Point Elrington, Elrington Island

Point Elrington, Elrington Island

by | Apr 1, 2020

Point Elrington is at the southwest tip of Elrington Island in the Gulf of Alaska, about 43 miles (69 km) southeast of Seward and 93 miles (150 km) southwest of Cordova, Alaska. The point was named by Joseph Whidbey of the Royal Navy on May 27, 1794, presumably for Hannah Elrington, who would later marry Peter Puget. Puget was the lieutenant-in-command of HMS Chatham, the survey ship that accompanied the HMS Discovery on the Vancouver Expedition from 1791 to 1795.

Elrington Island trends northeast-southwest for about 11 miles (18 km) at the southwestern end of Prince William Sound, between Latouche and Evans Islands. The name was first reported in 1905 by U.S. Grant of the U.S. Geological Survey and was derived from Point Elrington at the southern tip of the island.

The first documented sighting of a California sea lion in Alaska was in 1973 when an adult male was photographed on a Steller sea lion haulout at Point Elrington. California sea lions in Alaska most often are seen alone and only occasionally in small groups, although hundreds have been found to haul out together along the Washington coast and in southern British Columbia. The relatively few California sea lions found in Alaska usually have been associated with Steller sea lions at their haulouts and rookeries. Read more here and here. Explore of Point Elrington here:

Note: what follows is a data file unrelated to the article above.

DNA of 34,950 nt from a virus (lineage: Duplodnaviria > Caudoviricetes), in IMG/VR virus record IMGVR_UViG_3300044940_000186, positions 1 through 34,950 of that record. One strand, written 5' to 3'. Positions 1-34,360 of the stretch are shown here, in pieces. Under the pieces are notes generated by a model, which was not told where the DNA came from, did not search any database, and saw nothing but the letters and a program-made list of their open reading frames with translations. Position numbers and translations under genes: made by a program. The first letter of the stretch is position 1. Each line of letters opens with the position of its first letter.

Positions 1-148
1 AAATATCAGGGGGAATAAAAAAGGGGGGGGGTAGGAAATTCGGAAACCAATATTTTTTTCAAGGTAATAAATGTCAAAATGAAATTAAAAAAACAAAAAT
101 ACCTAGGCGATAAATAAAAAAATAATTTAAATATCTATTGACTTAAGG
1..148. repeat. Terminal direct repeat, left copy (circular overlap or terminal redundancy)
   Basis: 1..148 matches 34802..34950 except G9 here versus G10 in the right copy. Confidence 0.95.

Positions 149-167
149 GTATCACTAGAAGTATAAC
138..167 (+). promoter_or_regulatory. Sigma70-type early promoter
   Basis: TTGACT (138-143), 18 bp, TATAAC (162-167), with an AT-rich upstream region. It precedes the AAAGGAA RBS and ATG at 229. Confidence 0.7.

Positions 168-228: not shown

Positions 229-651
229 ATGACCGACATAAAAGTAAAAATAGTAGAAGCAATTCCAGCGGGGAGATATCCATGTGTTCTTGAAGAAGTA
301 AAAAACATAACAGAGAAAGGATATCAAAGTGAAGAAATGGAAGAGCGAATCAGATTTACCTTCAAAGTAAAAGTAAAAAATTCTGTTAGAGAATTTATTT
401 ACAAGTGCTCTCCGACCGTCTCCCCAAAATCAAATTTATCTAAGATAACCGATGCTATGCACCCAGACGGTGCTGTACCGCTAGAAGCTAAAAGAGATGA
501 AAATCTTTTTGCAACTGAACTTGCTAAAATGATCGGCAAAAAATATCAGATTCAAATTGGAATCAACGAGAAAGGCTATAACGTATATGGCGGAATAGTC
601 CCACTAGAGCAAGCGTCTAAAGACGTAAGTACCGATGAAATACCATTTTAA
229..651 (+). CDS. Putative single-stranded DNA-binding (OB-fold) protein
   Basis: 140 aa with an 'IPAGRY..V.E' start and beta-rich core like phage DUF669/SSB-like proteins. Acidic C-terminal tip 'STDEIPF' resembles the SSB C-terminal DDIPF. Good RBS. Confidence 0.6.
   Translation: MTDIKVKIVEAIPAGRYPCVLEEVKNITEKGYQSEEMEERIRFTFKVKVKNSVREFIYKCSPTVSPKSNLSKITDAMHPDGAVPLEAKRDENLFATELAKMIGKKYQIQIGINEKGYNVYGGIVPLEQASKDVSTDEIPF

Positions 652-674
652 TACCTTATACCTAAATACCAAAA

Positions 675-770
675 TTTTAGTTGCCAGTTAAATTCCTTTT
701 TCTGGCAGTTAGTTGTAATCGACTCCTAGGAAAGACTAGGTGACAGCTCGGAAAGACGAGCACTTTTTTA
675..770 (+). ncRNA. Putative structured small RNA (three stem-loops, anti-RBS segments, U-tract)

About the background graphic

This ‘warming stripe’ graphic is a visual representation of the change in global temperature from 1850 (top) to 2021 (bottom). Each stripe represents the average global temperature for one year. The average temperature from 1971-2000 is set as the boundary between blue and red. The color scale goes from -0.7°C to +0.7°C. The data are from the UK Met Office HadCRUT4.6 dataset. 

Credit: Professor Ed Hawkins (University of Reading). Click here for more information about the #warmingstripes.

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